Saba Douglas-Hamilton presents BBC2's This Wild Life

'Climbing leaves you at the mercy of the elements'

I spent the early years of my life in Lake Manyara National Park, Tanzania.

My father was doing his DPhil on the social behaviour of wild elephants. One of my earliest memories of Manyara was being charged, in an open Land Rover, by an enormous bull elephant who stopped short, just before he hit the car. His name, I seem to remember, was Casimir.

There's nothing like clinging to a sheer rock wall in the Scottish mountains.

My grandmother had a small croft on the Isle of Raasay, just off the coast of Skye. It's where my father taught my sister and me to climb. You're completely at the mercy of the elements and you feel utterly alive.

Going to Uganda, just after Idi Amin was deposed, had a profound effect on me.

Much of the country was still locked in civil war, there was a curfew at sunset and terrifying, drunken soldiers manned endless roadblocks. Everything, everywhere, had been shot up or looted. We lived for a while in Murchison Falls National Park – where Dad was honorary warden, fighting ivory poachers – on the edge of the Nile. It was a desperate time. There were often gun battles at night, the elephants were being massacred, and several times my father came back with bullet holes in his plane. It left an indelible mark on my heart, both in terms of the human and animal suffering, but also the freedom one has when there are no rules.

Herd times: elephants in Lake Manyara Park in Tanzania

One of the worst nights of my life was on my honeymoon.

My husband, Frank, took me on honeymoon to the southern Amazon in Brazil. After a few days of exploring, I became obsessed with the thought of finding a jaguar and we ended up in the Pantanal, close to the Cuiaba River. The air was fetid and hot, and thick with mosquitos. We had to share a single bed with a lacerated mosquito net, sticky polyester sheets, and right next to a thumping diesel generator. There was no escape and by dawn I wanted to hang myself. But our gamble paid off. That morning we set off down the river in a shaky little boat and within 15 minutes we bumped into a spectacular male jaguar lying out in the open on the riverbank.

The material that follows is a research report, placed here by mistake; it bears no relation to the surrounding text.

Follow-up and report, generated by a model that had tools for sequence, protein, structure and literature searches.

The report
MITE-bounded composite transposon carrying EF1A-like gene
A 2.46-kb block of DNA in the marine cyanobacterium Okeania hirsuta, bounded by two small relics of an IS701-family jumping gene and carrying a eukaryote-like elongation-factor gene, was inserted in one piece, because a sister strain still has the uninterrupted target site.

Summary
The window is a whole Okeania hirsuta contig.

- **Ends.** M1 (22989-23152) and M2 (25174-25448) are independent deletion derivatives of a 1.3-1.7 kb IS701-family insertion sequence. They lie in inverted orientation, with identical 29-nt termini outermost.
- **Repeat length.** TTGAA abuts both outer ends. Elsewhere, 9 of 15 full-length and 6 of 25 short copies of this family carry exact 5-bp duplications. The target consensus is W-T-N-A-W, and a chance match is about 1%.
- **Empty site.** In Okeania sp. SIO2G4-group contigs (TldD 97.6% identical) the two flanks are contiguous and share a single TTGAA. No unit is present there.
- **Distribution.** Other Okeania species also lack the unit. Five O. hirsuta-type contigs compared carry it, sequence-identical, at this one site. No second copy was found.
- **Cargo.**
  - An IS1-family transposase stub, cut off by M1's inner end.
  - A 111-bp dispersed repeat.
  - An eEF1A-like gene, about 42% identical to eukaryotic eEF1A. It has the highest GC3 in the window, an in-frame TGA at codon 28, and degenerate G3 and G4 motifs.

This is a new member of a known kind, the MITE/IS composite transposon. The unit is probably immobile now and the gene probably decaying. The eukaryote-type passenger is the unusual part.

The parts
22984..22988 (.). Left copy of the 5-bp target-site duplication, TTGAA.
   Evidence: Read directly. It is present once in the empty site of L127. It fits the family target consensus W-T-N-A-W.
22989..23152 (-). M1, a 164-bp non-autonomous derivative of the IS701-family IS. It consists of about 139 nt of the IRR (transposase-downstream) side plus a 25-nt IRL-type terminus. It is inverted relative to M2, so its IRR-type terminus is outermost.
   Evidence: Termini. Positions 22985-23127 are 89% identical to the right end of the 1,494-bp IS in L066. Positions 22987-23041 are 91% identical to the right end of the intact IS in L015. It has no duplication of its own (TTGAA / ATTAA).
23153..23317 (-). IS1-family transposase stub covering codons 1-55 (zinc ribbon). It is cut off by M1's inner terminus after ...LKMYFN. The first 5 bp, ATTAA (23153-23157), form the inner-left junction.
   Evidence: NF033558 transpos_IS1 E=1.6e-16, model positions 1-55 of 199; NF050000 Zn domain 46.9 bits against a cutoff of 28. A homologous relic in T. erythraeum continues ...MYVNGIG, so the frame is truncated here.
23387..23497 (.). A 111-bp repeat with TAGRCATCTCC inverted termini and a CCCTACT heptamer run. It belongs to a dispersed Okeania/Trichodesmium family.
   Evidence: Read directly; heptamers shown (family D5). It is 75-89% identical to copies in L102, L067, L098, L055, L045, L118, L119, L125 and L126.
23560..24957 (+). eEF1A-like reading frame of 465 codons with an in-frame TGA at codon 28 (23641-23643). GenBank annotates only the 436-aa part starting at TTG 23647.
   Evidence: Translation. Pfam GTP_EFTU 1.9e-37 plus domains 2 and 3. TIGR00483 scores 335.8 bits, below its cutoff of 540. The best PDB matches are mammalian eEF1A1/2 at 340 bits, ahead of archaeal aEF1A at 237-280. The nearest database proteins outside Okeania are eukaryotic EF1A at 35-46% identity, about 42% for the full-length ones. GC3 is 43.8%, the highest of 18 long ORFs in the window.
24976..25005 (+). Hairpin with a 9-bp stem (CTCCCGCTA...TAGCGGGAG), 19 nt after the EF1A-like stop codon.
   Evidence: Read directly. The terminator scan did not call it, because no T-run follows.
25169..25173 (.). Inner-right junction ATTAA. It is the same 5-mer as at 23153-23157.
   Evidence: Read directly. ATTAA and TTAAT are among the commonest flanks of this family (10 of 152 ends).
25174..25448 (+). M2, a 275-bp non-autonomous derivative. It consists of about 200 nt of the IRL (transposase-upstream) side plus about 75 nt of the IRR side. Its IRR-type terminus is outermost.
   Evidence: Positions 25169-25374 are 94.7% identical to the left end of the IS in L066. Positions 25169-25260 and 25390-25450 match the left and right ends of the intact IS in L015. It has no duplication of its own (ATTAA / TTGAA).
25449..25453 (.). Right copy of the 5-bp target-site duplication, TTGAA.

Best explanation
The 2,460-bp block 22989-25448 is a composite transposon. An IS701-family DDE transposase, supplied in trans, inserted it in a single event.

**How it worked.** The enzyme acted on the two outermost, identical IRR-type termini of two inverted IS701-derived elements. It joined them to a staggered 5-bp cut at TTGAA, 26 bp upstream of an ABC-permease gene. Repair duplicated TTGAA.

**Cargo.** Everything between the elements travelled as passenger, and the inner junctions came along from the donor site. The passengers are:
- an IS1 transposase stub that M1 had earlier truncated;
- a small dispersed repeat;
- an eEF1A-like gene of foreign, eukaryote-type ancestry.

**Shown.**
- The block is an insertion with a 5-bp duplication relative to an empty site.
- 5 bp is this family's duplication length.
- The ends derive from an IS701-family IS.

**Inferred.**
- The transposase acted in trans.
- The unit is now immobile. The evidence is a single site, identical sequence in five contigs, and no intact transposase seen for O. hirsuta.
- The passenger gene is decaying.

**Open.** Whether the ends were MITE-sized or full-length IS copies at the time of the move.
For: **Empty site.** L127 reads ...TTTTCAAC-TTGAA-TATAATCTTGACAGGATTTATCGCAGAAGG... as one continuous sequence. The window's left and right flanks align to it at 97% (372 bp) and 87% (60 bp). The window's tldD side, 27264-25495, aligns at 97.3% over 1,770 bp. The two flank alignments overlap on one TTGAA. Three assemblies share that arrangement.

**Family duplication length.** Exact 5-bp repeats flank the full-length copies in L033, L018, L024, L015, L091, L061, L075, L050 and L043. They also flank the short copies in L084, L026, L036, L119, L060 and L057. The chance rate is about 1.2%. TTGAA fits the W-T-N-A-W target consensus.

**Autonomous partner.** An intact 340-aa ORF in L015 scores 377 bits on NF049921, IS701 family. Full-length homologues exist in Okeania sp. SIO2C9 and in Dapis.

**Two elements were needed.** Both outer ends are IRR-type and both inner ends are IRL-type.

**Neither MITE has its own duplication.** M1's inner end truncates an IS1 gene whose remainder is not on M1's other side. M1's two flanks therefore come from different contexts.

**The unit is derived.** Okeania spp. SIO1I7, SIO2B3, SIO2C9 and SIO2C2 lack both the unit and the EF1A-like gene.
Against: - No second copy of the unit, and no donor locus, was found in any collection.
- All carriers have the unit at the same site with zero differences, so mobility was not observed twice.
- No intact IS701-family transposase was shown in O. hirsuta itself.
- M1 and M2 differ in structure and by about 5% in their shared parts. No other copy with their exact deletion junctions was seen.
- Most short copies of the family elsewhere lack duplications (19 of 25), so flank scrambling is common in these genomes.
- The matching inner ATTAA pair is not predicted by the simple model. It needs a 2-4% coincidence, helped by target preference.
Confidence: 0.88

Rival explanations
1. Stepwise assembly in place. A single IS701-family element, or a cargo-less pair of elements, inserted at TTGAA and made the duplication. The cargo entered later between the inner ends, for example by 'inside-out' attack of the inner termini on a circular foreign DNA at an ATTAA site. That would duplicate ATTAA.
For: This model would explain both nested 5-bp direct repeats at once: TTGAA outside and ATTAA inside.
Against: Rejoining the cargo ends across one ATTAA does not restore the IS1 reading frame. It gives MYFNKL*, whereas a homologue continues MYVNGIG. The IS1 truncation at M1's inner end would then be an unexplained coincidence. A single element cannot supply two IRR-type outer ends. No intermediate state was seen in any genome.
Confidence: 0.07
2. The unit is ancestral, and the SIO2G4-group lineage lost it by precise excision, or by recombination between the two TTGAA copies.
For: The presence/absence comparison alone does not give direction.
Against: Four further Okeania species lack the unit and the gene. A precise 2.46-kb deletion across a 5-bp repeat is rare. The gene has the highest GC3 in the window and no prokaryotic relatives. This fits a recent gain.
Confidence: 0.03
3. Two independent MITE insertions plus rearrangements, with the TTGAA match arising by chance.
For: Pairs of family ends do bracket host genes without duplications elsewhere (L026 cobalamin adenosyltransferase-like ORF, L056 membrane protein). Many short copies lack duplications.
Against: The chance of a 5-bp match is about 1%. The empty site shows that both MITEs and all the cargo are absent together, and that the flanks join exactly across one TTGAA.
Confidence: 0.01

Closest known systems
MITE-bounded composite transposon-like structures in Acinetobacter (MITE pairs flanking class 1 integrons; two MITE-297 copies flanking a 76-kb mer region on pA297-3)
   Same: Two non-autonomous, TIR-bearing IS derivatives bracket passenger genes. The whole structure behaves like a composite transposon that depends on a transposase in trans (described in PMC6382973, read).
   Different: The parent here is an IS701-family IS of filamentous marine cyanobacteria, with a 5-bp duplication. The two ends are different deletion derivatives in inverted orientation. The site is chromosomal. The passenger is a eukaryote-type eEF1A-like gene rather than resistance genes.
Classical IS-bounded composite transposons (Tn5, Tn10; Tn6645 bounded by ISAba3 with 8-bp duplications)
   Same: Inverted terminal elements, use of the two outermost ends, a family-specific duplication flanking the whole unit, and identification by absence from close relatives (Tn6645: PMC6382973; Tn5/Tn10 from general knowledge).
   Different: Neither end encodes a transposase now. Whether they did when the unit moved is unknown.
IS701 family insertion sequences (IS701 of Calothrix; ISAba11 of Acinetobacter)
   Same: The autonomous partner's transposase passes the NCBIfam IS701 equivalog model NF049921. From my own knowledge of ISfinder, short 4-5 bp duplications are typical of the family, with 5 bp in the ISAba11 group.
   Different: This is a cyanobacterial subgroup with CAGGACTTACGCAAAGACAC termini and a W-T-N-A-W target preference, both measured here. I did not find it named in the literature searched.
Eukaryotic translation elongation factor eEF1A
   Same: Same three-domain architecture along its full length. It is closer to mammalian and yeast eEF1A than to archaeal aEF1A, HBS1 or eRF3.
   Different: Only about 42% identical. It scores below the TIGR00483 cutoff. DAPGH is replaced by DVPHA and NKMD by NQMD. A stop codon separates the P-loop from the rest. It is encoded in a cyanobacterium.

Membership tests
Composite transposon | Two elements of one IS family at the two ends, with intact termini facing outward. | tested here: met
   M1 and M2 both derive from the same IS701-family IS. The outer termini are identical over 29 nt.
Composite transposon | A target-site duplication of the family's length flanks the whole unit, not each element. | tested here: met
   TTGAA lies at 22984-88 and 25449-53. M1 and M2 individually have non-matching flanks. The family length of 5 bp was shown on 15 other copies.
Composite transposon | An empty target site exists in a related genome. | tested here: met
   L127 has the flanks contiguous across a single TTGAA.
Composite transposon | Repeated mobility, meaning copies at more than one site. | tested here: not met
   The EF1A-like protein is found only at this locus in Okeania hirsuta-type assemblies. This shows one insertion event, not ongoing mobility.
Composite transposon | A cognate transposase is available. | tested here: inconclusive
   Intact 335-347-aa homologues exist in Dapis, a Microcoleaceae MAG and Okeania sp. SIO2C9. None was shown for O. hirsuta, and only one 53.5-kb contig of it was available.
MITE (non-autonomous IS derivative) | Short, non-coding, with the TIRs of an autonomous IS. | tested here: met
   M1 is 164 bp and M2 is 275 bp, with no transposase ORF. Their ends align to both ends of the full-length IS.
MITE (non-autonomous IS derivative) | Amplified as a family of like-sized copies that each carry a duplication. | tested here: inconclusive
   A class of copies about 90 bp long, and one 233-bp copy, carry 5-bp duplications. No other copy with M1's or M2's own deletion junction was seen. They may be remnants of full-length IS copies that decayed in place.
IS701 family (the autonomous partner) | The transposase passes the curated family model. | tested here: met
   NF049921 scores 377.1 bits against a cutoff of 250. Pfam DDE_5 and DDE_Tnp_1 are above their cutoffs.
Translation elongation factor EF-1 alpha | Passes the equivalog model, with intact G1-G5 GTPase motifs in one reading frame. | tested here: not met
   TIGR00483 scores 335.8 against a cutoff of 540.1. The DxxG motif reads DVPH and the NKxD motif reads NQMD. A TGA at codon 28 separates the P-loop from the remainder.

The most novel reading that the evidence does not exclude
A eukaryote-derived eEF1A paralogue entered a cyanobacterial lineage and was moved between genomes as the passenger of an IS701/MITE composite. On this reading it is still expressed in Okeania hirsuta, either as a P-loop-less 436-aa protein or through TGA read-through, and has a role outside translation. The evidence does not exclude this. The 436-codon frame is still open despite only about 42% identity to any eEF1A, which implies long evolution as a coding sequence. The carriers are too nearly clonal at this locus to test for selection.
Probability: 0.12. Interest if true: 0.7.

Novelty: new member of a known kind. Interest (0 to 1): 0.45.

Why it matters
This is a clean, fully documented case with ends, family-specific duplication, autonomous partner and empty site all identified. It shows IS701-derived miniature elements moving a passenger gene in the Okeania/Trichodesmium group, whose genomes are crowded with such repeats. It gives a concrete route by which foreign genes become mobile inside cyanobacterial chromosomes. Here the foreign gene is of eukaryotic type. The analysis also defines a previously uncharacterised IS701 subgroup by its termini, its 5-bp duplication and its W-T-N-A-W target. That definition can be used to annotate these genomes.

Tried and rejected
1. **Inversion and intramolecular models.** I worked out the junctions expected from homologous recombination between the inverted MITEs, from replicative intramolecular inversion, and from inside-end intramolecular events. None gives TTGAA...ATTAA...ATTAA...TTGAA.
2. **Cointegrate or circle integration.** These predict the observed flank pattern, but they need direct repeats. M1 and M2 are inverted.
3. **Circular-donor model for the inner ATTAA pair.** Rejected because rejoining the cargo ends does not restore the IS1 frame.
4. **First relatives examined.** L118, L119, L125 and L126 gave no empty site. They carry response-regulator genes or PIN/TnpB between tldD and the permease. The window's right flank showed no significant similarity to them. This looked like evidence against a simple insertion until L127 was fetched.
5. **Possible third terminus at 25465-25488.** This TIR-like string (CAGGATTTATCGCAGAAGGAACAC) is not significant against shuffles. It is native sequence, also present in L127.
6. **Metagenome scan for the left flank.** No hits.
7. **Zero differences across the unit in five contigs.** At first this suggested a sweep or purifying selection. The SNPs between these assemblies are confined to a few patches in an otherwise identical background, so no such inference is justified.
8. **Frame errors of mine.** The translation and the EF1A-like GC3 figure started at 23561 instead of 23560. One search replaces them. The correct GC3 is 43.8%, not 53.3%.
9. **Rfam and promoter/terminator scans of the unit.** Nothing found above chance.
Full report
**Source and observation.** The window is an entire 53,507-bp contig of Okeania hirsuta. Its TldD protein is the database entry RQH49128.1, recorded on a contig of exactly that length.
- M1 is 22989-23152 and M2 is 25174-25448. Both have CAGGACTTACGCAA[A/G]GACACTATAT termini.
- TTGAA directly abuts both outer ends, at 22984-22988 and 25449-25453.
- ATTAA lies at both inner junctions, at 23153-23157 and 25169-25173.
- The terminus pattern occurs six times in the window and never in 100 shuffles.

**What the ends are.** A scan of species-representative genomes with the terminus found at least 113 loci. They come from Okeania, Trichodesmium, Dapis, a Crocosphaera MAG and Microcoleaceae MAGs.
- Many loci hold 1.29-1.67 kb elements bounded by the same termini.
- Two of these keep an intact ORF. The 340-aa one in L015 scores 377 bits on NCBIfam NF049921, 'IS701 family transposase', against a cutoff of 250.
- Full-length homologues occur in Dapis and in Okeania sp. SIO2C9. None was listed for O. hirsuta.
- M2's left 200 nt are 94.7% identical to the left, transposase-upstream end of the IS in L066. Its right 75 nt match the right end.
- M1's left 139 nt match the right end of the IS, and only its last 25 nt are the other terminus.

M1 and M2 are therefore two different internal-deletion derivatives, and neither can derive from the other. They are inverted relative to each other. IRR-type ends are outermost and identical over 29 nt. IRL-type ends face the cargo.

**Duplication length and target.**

I've eaten live termites.

It was while I was filming Going Ape in the Tai Forest, Ivory Coast. The idea was to follow a community of chimps and eat only what they did to see how long we could last. Mostly, we made do with the fruit that they knocked down from the treetops, but after a while I developed a ravenous hunger for protein. Luckily, you could yank the tops off the mushroom-shaped termite mounds and pick up a few mouthfuls before they scurried off. I also tried driver ants, but within seconds they'd shredded my lips and tongue with their pincers. After that they remained off the menu.

The best way to get the flavour of a place is to eat like the locals.

Nothing beats sizzling hot, roasted goat fresh off the fire, sliced to size with a Samburu sword or chewed straight from the bone. Kenya is also blessed with fantastic chai and chapatis – thanks to the spice trade.

There's a vegan restaurant where you have to say affirmations before each bite.

It's called Café Gratitude in Venice, LA, and it's unbelievably imaginative and absolutely delicious. You have to say hilarious affirmations while you eat such as "I am powerful! I am energy! I am courageous!".

After five years of raising kids, I'm desperate for an adventure.

The closest and most tempting is to head into the northern frontier of Kenya with some local nomads and their camels. A few weeks of walking with them and sleeping out under the stars should do the trick.

Saba Douglas-Hamilton presents BBC2's This Wild Life, which starts on Monday at 7pm